The US travel ban from countries such as the United Kingdom, India and China makes “no sense” to block the spread of COVID-19 variants, said a former head of the Food and Drug Administration.
Scott Gottlieb, who served as FDA Commissioner from 2017 to 2019 and sits on the board of vaccine maker Pfizer, appeared on CBS News’ Face the nation Sunday morning to give his opinion on where the US stands in the fight against the coronavirus.
When asked about the Biden government’s recent restrictions on travel from India, which is experiencing a deadly second wave due to a variant called B.1.617, Gottlieb said he doesn’t see them having much of an impact.
“I’m not sure what we hope to achieve if the goal is to prevent the virus from entering the United States,” he said.
‘There is already a lot of virus here if the goal is to prevent the introduction of that new variant, B.1.617, which is circulating in India. I assure you he’s already here. ‘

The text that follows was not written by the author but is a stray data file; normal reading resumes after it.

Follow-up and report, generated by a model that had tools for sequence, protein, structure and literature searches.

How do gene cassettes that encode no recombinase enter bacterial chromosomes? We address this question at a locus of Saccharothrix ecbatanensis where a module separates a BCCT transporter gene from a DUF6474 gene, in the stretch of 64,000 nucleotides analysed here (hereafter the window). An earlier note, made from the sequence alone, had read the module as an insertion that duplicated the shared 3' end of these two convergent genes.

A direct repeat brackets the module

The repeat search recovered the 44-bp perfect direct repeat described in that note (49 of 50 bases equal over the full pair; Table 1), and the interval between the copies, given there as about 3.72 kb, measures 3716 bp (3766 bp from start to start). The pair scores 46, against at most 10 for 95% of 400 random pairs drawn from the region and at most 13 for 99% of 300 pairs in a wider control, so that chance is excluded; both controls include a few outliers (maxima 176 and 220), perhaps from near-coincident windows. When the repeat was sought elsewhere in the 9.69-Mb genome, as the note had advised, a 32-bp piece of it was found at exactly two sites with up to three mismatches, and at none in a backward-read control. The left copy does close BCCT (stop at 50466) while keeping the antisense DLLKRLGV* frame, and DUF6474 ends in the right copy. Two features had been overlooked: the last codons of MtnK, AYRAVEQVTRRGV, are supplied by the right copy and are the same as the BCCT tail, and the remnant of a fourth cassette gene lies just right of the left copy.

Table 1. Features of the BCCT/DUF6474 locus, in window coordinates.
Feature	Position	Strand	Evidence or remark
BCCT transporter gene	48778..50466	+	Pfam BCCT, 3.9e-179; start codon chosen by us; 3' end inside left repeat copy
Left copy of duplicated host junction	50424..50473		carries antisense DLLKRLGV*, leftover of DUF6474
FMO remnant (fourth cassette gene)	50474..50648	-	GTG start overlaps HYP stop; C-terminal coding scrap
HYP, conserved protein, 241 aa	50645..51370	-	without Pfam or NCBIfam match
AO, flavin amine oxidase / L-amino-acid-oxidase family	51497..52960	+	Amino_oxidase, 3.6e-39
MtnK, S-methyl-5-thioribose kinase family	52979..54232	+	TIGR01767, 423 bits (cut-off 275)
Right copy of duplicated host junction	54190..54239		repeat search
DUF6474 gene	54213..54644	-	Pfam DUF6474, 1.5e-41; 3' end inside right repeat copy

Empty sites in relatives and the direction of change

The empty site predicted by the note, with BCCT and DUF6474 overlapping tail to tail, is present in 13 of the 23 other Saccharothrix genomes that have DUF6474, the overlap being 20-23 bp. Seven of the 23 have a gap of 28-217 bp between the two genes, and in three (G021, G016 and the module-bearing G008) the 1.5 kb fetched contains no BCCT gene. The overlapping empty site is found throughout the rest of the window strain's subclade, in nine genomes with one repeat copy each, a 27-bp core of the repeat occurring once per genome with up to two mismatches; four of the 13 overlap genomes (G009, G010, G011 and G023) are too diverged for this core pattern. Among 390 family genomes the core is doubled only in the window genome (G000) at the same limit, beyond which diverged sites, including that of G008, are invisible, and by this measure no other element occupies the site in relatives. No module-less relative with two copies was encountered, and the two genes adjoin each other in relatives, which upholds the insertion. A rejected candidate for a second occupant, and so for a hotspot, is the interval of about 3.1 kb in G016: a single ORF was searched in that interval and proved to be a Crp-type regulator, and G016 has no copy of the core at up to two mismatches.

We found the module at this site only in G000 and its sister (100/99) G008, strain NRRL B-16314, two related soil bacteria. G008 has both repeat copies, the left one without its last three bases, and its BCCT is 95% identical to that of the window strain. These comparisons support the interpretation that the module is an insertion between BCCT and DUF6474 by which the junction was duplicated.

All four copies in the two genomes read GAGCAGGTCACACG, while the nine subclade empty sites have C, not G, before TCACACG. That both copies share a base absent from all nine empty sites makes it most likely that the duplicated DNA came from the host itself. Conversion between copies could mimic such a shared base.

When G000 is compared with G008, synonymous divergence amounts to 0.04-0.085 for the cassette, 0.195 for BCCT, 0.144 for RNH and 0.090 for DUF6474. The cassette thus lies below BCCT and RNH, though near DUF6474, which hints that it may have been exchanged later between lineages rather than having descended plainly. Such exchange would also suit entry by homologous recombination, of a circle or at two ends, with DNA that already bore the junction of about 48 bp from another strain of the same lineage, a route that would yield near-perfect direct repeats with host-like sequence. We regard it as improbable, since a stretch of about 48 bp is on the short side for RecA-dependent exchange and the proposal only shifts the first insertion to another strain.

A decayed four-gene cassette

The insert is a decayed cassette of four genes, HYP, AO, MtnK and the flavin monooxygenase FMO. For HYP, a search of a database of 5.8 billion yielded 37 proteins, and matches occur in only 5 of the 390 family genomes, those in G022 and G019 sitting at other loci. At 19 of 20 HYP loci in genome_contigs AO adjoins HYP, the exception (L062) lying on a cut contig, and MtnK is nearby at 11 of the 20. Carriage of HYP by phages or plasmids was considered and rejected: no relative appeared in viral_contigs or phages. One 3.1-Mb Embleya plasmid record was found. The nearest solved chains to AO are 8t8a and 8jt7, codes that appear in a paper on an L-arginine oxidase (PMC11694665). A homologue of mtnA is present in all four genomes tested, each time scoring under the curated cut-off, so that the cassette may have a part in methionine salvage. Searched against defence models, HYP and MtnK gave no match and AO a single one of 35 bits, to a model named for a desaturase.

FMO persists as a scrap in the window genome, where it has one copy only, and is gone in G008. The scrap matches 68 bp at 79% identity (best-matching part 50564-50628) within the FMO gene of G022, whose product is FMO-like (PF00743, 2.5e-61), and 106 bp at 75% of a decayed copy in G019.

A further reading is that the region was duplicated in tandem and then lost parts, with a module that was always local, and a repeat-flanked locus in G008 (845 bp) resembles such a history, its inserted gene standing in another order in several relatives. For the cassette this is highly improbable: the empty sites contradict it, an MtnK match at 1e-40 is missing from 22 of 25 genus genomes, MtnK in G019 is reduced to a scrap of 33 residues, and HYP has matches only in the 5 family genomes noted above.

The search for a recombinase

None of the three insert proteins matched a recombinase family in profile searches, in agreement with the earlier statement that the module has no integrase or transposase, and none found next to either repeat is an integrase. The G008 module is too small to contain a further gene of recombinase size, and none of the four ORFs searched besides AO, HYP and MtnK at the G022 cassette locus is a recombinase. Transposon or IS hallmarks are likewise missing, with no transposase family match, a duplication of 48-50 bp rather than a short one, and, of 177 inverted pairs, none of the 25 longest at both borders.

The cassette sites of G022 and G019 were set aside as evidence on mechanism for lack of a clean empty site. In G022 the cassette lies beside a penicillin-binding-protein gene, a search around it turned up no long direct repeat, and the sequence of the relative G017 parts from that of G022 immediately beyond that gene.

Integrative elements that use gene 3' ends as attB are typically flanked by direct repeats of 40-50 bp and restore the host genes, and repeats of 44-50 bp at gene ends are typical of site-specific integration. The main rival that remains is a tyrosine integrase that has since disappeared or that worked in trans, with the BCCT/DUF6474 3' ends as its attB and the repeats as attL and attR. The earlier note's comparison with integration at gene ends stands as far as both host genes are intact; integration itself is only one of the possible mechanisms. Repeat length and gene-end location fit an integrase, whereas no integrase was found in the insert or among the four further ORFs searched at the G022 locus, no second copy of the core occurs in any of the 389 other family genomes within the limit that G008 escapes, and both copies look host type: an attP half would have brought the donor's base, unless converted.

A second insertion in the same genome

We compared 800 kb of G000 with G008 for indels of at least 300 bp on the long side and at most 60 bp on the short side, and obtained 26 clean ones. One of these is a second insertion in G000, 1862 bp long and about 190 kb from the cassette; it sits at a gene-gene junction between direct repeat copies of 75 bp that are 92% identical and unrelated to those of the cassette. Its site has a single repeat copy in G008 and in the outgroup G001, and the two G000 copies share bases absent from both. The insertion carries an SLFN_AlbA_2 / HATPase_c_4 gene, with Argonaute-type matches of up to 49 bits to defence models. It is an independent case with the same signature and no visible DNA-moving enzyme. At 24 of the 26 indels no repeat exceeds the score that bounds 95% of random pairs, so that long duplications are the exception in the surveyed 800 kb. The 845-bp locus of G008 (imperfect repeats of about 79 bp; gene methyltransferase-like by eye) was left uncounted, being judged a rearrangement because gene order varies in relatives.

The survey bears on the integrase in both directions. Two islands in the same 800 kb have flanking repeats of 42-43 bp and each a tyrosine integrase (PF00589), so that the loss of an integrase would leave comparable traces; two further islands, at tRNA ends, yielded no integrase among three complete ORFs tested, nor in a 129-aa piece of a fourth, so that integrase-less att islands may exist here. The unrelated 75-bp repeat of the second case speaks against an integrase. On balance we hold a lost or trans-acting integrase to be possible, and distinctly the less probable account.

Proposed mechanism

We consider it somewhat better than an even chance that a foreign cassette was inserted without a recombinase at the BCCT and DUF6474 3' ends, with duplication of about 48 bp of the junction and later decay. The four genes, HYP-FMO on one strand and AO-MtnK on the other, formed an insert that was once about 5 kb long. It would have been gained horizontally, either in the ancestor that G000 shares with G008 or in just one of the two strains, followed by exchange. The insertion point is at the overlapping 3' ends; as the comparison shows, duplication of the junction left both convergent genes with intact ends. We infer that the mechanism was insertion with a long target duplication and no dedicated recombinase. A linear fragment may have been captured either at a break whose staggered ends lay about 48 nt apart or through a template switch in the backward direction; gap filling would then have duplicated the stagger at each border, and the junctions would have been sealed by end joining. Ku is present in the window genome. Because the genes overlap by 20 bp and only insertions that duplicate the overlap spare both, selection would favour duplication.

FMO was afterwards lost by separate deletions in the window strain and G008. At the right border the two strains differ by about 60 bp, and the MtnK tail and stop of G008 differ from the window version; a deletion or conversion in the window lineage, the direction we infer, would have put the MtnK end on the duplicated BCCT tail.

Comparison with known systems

“These travel restrictions may serve a purpose, but we now need to be clear about what that purpose is,” he continued.
‘We still have restrictions on travel from China and the UK. That makes no sense. I’m not exactly sure what the overall strategy is around these ongoing travel restrictions that we have. ‘
Gottlieb said the best way to protect Americans from virus variants – wherever they come from – is to increase vaccination rates here at home.
Former FDA Commissioner Scott Gottlieb (pictured) said on Sunday that US travel restrictions from countries such as India, China and the United Kingdom “make no sense.”
The US has so far not banned flights from countries during the COVID-19 pandemic, but has restricted travel for non-citizens from places where the virus, or its variants, is spreading at the appropriate speed.
The ban bans foreigners who have been in a restricted country in the 14 days prior to their arrival in the US. The restrictions do not apply to US citizens returning to the US.
COUNTRIES ON THE US LIMITED LIST